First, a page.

Equal Protection Clause
In order to preserve a broad field of play for legislative and administrative action, courts do not subject most state action to exacting scrutiny under the Equal Protection Clause. For half a century, the principal exception has consisted of so-called suspect and semi-suspect classifications. Although the Supreme Court has articulated criteria for identifying such classifications, standing alone, none of these criteria is satisfactory, nor has the Court found any principled means of combining them. This Article proposes a judicial reading of the Equal Protection Clause, "equal protection incorporation", that roots the process of identifying suspect and semi-suspect classifications in constitutional text. The approach is loosely modeled on the Supreme Court's incorporation jurisprudence. Just as the enumerated provisions of the Bill of Rights served as a useful guide in determining the scope of liberty protected by the Due Process Clause, so, the core of the argument goes, the forms of discrimination specifically barred by the Constitution's text, such as the prohibitions on race and sex discrimination in the Fifteenth and Nineteenth Amendments, should guide interpretation of the Equal Protection Clause. In addition to trumpeting the utility of equal protection incorporation, the Article justifies the interpretive methodology employed, responds to potential theoretical objections, and describes practical implications.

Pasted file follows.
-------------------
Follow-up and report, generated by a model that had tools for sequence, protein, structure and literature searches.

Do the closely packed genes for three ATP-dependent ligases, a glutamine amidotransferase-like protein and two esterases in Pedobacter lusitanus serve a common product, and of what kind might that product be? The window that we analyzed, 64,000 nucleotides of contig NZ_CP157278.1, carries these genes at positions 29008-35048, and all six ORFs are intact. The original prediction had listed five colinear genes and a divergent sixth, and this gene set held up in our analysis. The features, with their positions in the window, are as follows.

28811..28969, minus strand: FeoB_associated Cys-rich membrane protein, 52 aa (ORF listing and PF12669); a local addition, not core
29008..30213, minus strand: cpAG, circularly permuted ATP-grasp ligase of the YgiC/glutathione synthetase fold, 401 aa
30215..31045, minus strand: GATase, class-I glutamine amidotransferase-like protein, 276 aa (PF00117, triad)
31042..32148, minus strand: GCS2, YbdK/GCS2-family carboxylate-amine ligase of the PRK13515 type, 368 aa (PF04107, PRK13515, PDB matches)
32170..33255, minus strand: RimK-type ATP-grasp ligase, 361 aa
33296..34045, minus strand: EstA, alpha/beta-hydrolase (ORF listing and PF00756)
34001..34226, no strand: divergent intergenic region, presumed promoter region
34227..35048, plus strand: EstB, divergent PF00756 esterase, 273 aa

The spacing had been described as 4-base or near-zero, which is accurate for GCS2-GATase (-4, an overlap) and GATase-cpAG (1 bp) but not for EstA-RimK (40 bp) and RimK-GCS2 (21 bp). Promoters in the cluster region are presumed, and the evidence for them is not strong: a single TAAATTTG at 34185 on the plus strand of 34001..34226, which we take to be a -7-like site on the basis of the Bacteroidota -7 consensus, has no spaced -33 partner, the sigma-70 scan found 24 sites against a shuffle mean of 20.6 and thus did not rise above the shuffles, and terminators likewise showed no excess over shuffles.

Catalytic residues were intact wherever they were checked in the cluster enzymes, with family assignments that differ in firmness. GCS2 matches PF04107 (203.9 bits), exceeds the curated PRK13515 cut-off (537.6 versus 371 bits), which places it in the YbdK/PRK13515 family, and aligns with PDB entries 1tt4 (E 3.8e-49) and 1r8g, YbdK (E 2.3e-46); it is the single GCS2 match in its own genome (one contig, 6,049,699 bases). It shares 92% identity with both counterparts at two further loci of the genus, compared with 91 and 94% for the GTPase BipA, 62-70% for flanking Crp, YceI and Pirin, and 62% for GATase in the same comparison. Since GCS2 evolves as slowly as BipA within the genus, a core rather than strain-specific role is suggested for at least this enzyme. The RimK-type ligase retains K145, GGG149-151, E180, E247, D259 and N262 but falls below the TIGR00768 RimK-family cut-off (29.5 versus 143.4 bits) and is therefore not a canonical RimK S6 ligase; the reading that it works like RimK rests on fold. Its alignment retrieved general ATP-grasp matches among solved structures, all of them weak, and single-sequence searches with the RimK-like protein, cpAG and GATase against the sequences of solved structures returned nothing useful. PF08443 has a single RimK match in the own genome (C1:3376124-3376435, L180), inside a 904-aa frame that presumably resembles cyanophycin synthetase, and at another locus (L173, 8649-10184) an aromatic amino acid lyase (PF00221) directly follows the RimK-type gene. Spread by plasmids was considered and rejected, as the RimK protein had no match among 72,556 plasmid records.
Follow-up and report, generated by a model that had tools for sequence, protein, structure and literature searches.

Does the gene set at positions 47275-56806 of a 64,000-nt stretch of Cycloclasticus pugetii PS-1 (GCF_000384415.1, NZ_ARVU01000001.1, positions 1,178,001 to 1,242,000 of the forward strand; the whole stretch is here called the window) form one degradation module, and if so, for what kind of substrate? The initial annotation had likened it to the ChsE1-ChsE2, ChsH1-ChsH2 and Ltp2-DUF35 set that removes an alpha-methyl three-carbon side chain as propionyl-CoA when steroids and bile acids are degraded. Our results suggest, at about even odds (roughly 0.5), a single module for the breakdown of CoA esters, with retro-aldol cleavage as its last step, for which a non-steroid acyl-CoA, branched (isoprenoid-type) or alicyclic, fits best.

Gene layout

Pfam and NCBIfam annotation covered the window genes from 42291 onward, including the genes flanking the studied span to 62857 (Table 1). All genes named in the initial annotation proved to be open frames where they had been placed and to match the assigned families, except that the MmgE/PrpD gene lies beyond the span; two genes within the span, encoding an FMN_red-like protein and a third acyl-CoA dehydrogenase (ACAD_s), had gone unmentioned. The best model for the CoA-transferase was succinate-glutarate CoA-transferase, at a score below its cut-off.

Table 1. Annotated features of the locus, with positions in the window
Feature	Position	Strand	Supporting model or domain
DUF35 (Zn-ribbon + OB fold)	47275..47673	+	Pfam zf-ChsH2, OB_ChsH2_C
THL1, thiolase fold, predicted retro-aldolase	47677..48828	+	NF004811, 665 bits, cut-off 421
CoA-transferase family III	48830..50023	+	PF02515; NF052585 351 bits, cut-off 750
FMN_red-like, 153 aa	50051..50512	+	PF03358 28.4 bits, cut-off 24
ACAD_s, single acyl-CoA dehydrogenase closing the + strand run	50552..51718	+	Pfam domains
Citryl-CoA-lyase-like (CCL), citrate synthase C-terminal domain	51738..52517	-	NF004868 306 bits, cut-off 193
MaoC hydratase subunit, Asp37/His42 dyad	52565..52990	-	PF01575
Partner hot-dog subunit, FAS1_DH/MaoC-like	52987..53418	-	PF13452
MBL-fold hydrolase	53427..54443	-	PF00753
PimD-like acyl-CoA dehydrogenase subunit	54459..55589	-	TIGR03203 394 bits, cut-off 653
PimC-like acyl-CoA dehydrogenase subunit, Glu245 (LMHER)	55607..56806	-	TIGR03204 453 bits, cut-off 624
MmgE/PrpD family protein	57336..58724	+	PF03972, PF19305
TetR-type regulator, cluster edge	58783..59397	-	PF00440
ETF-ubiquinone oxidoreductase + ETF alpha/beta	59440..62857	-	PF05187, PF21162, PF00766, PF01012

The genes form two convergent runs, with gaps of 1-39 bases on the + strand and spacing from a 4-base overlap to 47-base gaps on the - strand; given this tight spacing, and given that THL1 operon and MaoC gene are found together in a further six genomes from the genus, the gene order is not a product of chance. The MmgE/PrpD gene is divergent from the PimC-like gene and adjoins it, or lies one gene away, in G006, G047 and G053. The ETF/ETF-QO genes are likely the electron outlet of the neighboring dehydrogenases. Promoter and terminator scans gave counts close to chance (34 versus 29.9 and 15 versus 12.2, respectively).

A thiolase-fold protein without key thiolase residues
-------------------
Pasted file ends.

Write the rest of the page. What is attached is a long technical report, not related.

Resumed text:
Dorf, Michael C., "Equal Protection Incorporation" (2002). Cornell Law Faculty Publications. 87.
Virginia Law Review, vol. 88, no. 5 (September 2002)